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Comet-invader Philae goes silent, mothership Rosetta forced to retreat
It's almost as if the strange rock doesn't want to be conquered by humans
The European Space Agency (ESA) has all but lost contact with its Philae lander on Comet 67P – and attempts to reestablish communications are being hampered by the rock itself.
Philae, which was dropped off onto the comet from its mothership Rosetta, has more or less been silent for 11 days.
Rosetta, which still orbits Comet 67P, has been flying as low as 153km above the rock's surface as the spacecraft searched for a way to contact its Philae lander. But in the last week, the dust coming off the comet has obscured Rosetta's star trackers, which are used by the ESA team to navigate safely. As a result, the mothership has been shifted up into a higher orbit of between 170 and 190km from the surface.
"Although the mission will now focus its scientific priority on the orbiter, Rosetta will continue attempting – up to and past perihelion – to obtain Philae science packets once a stable link has been acquired," said Patrick Martin, Rosetta mission manager.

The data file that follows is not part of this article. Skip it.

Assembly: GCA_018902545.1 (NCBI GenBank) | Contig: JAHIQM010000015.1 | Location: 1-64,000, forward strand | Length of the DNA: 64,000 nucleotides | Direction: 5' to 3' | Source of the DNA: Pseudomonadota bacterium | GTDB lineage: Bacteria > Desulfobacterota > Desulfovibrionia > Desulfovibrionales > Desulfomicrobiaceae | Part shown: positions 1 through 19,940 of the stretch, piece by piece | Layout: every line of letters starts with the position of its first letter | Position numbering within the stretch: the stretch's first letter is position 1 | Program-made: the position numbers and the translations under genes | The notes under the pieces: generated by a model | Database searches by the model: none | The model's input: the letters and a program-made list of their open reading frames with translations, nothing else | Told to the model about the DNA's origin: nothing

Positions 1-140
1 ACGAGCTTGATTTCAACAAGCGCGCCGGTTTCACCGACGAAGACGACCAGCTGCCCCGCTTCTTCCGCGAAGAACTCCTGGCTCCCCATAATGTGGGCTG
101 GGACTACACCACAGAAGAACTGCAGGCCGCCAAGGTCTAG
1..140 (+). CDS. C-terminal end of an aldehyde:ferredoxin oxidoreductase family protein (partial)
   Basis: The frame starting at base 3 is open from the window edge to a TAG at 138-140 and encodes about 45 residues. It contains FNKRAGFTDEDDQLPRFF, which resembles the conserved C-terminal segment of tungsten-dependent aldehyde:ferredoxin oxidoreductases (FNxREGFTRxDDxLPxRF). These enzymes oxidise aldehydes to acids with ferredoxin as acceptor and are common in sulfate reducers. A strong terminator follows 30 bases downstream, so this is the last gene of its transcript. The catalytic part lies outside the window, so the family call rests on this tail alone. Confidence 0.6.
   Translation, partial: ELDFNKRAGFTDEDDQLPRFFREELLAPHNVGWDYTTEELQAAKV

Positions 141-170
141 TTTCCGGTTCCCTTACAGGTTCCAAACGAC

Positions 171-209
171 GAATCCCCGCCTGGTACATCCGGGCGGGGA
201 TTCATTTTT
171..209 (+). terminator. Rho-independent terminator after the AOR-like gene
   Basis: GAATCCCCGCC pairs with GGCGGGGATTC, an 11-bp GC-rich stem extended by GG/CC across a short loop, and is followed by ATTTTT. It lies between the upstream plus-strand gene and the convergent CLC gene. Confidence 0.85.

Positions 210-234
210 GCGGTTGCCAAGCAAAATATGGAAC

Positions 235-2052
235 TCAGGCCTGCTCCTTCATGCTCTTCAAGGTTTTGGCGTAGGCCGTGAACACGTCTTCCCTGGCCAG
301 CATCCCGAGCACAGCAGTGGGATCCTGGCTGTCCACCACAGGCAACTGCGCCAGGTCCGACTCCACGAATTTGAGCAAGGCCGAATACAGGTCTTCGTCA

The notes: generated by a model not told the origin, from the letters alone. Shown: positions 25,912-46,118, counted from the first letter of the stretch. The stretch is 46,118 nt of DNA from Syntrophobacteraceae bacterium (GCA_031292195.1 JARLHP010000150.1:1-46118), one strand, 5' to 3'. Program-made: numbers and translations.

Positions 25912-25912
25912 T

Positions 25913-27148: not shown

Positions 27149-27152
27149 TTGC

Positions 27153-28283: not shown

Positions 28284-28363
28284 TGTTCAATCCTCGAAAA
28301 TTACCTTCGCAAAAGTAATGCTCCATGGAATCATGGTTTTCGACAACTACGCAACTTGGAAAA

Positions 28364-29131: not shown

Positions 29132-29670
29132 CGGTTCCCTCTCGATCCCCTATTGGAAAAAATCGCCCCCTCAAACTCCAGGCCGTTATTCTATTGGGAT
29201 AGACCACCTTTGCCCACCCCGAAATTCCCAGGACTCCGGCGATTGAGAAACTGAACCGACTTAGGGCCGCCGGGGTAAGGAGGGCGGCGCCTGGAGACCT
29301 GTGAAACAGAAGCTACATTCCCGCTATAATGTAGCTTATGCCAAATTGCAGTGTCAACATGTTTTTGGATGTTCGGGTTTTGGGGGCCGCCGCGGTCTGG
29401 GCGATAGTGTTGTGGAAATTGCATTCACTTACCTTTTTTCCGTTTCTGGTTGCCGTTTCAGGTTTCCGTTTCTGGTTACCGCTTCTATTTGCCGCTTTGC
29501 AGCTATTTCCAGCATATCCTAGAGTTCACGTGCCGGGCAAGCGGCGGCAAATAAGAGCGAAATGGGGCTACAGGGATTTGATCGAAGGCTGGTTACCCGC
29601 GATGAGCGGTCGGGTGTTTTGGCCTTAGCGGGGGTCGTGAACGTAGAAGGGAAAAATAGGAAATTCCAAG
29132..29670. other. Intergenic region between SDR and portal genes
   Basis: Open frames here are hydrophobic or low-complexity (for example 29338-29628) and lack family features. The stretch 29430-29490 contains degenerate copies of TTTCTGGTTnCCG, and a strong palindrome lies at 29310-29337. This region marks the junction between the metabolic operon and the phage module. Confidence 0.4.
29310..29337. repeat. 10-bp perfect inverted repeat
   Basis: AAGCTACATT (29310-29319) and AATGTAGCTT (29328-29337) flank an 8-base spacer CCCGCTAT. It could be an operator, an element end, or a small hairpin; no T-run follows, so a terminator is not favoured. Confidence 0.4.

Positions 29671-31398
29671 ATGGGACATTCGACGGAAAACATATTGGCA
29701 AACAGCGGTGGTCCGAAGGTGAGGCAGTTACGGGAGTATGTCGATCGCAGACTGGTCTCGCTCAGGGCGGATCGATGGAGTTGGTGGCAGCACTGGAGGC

Earlier this month, the Philae lander had been able to communicate with Rosetta, but connections have been sporadic and incomplete. The lander, which bounced across the comet after its harpoons failed to get a solid hold on the surface, had signaled that it had enough power for operations a couple of weeks ago, but ESA now thinks something else could have gone wrong.
Philae uses two transmitting and receiving units for communications. But the team now thinks that the probe has one damaged upload and one broken download unit. It's also possible that the lander has shifted slightly as the comet melts and this may have moved its antenna to a new position.
"Philae is obviously still functional, because it sends us data, even if it does so at irregular intervals and at surprising times," said Philae lander manager Stephan Ulamec. "Several times we were afraid that the lander would remain off – but it has repeatedly taught us otherwise."
With communications so irregular, the ESA team is trying to send a "safe block" set of activities for the lander to carry out, such as taking temperature measurements, gas analysis for organic or inorganic substances, and acoustic tests on the surface and below.
In the meantime, Rosetta will move into its new orbit and examine the comet as it approaches its closest point to the Sun next month, especially the southern portion of the comet that is just now coming into full sunlight.
"Studying these regions is an important part of our long-term science goals in the lead-up to and beyond perihelion next month, when the comet is at its closest to the Sun along its orbit and activity will be at a maximum," said Nicolas Altobelli, acting Rosetta project scientist.
In the meantime, the probe will carry on sporadic attempts to contact the lander and get it producing science again. But it's looking increasingly likely that the next readings we get from the comet's surface will be when Rosetta attempts its own landing late next year. ®